KEY POINTIn its guidance, the IRS stated that a retirement plan participant has the ability to convert their "after tax" account into a Roth IRA tax free.
Here is a link to the referenced notice:
Background: 401k-Employee Contribution TypesTo understand the significance of this, we must first understand the types of employee contributions that may go into a plan.
For more information on contribution types, see the IRS link below.
As a plan participant, you have the option of contributing to your plan on a pretax basis. This will allow you to take a deduction on your personal taxes.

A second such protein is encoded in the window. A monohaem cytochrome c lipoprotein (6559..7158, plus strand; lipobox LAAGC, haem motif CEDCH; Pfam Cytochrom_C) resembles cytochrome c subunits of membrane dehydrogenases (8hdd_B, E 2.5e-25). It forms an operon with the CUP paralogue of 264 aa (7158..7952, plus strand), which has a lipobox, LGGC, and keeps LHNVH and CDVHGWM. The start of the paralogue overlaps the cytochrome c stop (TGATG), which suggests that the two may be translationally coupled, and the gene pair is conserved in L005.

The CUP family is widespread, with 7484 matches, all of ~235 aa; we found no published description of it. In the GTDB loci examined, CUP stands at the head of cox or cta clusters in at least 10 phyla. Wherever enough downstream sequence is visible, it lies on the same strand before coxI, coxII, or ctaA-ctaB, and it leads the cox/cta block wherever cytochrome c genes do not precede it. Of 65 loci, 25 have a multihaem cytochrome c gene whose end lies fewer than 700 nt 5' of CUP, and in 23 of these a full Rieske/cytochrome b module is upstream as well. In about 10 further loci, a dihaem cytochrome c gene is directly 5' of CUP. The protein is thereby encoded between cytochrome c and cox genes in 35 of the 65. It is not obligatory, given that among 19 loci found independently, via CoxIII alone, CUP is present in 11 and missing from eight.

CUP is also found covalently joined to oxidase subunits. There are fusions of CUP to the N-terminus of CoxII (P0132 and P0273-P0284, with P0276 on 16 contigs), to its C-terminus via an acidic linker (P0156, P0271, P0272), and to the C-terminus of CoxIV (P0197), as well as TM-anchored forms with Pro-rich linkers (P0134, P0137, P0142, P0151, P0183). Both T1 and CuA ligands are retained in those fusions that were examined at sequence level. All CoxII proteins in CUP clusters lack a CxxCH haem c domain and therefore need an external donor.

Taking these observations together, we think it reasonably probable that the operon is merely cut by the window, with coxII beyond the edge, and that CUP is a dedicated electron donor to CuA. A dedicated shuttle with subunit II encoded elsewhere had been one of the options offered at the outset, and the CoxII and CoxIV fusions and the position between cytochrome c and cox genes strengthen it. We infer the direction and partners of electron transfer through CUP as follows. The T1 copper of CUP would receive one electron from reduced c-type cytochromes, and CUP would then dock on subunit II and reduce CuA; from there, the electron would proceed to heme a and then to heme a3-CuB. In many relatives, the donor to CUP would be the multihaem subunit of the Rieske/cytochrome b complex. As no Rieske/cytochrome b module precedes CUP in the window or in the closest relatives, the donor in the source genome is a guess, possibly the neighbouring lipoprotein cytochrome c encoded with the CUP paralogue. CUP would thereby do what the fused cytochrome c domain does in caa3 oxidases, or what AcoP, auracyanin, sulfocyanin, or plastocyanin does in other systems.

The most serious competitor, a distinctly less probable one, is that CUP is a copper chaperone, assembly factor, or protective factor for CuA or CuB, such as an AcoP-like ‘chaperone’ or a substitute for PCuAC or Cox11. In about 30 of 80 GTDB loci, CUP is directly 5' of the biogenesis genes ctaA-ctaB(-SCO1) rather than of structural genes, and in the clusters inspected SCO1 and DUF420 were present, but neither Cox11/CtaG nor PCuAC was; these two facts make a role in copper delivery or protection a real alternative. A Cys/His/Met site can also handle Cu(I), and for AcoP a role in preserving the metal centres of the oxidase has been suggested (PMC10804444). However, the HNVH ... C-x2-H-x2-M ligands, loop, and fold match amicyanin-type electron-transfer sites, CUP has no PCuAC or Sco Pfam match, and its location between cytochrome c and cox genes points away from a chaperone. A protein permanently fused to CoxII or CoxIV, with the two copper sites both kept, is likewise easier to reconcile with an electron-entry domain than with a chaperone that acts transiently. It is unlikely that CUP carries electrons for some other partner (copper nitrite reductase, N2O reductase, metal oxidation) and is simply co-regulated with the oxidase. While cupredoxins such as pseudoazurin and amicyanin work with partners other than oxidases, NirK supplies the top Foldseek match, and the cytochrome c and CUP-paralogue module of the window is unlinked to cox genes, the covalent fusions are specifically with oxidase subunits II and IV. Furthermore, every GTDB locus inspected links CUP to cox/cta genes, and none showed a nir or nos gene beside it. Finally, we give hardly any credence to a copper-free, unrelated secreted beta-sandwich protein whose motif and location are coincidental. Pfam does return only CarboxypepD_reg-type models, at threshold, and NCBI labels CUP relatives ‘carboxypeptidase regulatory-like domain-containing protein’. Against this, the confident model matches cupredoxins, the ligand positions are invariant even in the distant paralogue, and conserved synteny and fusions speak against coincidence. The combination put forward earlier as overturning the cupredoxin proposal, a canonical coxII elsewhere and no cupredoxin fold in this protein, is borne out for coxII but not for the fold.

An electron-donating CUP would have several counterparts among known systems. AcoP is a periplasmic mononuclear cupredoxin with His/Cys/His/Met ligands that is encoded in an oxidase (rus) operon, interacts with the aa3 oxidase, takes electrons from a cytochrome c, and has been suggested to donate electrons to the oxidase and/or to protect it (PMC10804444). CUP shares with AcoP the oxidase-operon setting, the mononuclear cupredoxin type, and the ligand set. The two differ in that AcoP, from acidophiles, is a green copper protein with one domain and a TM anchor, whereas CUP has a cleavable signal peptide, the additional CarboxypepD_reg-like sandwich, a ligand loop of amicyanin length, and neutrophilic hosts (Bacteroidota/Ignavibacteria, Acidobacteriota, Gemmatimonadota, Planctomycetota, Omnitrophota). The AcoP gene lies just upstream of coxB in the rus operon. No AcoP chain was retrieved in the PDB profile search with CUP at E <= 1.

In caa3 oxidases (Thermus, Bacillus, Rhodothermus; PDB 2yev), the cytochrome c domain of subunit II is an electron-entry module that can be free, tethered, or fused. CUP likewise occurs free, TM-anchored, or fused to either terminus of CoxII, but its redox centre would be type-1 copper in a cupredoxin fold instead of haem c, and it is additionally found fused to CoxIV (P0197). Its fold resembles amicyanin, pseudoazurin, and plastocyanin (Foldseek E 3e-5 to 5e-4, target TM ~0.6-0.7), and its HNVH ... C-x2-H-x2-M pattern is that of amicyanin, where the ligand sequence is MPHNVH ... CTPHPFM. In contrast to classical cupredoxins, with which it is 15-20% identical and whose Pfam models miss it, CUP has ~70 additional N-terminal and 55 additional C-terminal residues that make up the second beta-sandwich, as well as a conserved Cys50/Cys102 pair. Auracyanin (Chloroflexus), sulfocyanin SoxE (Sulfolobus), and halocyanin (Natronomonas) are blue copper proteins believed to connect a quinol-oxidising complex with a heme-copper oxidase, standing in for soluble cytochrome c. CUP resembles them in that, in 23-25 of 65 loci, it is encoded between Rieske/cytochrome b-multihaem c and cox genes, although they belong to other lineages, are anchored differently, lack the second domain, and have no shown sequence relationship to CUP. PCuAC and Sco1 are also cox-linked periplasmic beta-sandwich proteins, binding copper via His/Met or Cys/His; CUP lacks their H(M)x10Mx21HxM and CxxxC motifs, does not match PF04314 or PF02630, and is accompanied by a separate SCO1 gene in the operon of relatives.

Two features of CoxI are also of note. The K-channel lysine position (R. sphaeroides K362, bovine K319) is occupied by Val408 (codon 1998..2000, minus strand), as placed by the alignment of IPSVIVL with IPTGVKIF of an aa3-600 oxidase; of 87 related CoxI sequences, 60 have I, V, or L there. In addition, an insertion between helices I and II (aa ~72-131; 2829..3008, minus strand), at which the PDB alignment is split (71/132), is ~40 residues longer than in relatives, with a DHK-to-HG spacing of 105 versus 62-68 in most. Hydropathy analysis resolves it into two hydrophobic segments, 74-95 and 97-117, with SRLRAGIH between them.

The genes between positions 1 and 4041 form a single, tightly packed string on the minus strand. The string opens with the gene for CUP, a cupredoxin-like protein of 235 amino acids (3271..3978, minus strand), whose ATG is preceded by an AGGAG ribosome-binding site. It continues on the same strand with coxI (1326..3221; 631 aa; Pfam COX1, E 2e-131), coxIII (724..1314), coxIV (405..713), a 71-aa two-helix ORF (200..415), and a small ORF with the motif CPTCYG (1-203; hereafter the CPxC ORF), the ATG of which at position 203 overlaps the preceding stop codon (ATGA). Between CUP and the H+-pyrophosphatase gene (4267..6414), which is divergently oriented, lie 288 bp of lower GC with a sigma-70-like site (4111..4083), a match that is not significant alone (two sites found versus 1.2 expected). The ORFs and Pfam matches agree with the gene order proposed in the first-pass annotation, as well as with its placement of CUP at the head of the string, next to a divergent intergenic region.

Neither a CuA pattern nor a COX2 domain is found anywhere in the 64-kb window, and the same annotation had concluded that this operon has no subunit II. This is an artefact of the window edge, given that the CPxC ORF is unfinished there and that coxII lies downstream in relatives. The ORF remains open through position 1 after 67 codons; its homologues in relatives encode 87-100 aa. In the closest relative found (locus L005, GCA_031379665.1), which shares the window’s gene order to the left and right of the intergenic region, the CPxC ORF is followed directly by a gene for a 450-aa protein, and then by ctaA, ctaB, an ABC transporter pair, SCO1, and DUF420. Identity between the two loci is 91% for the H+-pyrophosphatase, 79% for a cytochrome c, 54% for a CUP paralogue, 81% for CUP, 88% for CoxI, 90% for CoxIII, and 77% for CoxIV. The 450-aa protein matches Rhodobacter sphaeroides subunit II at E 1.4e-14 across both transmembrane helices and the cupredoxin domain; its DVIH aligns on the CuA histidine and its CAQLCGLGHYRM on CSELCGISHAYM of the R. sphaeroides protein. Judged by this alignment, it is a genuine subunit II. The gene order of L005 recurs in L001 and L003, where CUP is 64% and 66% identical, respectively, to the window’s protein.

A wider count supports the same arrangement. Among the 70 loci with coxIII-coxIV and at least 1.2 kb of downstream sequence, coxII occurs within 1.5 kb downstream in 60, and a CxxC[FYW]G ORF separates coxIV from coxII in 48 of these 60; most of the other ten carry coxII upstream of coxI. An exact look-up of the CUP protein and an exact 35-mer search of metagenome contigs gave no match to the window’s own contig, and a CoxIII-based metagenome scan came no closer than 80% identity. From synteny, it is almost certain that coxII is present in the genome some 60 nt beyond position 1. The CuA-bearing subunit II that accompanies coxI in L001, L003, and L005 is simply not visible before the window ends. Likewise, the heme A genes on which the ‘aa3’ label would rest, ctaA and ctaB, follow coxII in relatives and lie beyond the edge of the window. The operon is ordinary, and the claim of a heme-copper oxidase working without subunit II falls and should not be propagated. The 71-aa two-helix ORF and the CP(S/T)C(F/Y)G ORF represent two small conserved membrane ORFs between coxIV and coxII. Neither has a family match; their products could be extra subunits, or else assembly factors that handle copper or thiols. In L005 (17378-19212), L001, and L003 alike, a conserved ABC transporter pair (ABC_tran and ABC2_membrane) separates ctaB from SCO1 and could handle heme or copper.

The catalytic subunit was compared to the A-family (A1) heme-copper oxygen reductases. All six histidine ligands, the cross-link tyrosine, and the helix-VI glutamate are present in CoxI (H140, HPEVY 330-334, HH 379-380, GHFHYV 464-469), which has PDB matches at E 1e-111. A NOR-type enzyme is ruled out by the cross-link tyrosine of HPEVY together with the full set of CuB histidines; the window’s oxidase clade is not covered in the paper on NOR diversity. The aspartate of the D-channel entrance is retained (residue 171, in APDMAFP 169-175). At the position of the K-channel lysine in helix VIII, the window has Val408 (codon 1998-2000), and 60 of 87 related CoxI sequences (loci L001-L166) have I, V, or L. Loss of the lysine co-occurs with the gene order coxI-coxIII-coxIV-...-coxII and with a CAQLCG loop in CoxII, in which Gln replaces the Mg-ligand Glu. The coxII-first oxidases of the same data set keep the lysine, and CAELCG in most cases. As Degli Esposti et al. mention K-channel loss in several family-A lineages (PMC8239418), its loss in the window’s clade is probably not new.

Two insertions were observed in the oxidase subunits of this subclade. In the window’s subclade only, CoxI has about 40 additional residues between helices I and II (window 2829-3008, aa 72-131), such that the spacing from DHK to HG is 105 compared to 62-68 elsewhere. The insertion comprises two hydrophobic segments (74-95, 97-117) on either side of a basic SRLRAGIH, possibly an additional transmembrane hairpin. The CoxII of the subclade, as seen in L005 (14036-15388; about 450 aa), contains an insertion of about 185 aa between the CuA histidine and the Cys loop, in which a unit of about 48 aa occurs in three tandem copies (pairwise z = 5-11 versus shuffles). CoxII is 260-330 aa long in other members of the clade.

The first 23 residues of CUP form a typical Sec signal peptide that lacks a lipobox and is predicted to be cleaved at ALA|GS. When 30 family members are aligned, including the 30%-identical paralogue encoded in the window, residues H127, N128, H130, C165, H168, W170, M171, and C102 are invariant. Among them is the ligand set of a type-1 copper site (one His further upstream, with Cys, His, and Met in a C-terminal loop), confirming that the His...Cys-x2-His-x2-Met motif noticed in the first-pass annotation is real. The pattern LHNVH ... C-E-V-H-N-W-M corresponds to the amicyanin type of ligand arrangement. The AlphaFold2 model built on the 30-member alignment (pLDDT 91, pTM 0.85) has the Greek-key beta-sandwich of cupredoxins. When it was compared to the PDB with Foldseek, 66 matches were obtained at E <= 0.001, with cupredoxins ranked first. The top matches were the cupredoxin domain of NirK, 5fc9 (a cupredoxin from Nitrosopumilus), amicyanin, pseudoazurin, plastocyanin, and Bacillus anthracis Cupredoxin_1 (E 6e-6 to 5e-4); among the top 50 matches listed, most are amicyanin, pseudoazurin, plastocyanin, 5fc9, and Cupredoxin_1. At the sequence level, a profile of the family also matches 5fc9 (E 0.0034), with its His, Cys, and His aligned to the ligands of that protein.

You may also have the ability to contribute without taking a deduction (many plans do not allow). This is an after tax deferral, meaning you do not get a tax deduction. Eventually when you take a distribution of these funds, you will only be taxed on the earnings (remember you already paid taxes on the deferred contribution).
Finally, your plan may allow for you (not all plans do, but this is becoming more popular) to contribute to a designated Roth account. This contribution is after tax, and when it is eventually distributed (both the deferral and the earnings) to the participant, it is income tax free.
NOTE: Although the record-keeper of the retirement plan is hired to make sure that the funds in the account are categorized appropriately, the ownership is on the account holder. If ever questioned by the IRS, it is the responsibility of the account holder to show proof of their position. The account funds are broken down by year, who is making the contribution, the tax status, etc.